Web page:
Narrative essays are very common in nearly every level of education and are often an important piece of the college application process. In fact, all seven of the prompts included in the 2020-21 Common App call for narrative essays. 

While the prompts for narrative essays are often relatively simple, your writing should be thoughtful and engaging. 

Take this narrative essay prompt from the 2020-21 Common App, for example:

“Describe a problem you’ve solved or a problem you’d like to solve. It can be an intellectual challenge, a research query, an ethical dilemma — anything of personal importance, no matter the scale. Explain its significance to you and what steps you took or could be taken to identify a solution.”

Yes, those reading your essay do want to know what problem you’ve solved. But, more importantly, they want to gauge how you react to and overcome adversity. 

So, take the extra step to make sure your narrative essay serves a purpose. Use description in your writing, and format your essay so that your readers walk away with the feeling that they know you. 

Below is a description of what you should include in each section of your narrative essay. The outline you create should succinctly summarize each section. 

Introduction

  • Hook 

The hook, which should be the first sentence of your narrative essay, needs to make the reader want to continue reading. As stated above, the hook could be a fact, a rhetorical question, or an intriguing sentence that sucks the reader in. 

Say, for example, you’re writing about a time when you made pasta with your grandmother who lives in Italy. You could start the essay off with a fact about how many pounds of pasta come in and out of the village where she lives.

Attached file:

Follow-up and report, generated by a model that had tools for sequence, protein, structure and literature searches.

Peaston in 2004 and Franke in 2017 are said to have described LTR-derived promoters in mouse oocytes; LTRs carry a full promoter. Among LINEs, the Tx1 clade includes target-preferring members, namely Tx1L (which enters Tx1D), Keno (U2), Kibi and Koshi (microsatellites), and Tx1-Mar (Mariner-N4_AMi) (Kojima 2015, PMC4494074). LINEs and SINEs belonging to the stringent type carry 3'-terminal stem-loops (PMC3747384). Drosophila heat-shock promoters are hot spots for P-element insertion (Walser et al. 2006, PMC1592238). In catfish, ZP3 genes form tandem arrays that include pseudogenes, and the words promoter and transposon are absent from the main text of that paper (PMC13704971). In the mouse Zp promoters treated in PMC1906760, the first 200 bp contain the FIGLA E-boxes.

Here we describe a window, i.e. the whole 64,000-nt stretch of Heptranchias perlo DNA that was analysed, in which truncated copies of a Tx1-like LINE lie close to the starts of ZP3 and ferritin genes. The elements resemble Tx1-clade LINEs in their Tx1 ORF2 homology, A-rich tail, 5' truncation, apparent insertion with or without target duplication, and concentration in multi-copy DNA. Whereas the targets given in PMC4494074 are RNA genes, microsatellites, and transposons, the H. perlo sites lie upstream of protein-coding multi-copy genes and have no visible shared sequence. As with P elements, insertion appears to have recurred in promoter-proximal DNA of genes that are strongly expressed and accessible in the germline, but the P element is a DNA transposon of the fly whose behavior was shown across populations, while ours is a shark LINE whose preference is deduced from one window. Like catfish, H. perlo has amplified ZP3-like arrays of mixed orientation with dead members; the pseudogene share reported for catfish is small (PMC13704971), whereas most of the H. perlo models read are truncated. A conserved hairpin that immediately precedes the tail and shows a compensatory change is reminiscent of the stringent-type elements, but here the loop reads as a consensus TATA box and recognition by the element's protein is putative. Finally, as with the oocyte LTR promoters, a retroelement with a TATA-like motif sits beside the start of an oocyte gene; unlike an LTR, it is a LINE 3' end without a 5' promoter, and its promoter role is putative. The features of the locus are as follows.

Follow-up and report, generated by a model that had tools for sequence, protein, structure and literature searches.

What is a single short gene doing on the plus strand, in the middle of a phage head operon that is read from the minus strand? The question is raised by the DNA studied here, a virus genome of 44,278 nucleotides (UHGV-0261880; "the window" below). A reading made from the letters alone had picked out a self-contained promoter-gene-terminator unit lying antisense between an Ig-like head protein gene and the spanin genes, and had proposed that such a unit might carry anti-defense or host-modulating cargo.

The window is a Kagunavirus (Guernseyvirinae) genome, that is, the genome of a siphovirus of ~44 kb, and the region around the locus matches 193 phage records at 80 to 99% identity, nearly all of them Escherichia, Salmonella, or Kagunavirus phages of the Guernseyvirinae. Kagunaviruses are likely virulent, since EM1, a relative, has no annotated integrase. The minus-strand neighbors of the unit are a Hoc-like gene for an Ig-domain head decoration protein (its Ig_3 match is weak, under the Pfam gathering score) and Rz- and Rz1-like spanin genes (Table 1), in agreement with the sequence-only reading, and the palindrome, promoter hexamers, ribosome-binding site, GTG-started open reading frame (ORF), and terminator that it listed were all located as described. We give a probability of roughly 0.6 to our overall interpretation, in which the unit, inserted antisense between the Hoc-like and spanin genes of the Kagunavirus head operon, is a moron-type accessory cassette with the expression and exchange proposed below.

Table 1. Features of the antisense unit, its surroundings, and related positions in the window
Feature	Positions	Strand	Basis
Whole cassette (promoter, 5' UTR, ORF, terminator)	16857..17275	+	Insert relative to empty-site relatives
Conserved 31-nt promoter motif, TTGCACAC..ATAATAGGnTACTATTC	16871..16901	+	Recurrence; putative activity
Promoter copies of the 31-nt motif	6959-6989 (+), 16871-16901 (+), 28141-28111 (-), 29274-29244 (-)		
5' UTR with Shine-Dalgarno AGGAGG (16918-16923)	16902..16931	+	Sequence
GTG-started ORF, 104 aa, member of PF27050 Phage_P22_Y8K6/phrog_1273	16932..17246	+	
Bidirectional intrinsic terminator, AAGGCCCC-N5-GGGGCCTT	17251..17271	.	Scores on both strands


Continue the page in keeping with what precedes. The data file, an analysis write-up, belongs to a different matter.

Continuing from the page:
• Stage your essay

After the hook, you want to give the reader a greater sense of the scene. When writing a narrative essay, you don’t have to reveal everything about the place or be too blunt about the setting, but you should at least give a few hints. 

Sticking with the pasta example, you could start to explain the smell of the room, the view through the kitchen window, and the feel of the floor underneath your feet. These descriptions would give the reader a sense of your surroundings, the climate, and the age of the house. When writing a narrative essay, you want to show the reader, not tell them. 

  • Thesis statement

Typically, the purpose of the thesis statement is to provide a digestible summary of the main point or claim you’re making in your essay. Using the same pasta example, you could draft a compelling sentence about how making pasta at your grandmother’s house in Italy inspired your passion for the art of cooking. 

The reason thesis statements are so often placed in the introductory paragraph is so the reader can develop an early understanding of the purpose of your essay. However, because narrative essays are meant to be a personal story, you don’t always have to make the thesis statement so evident.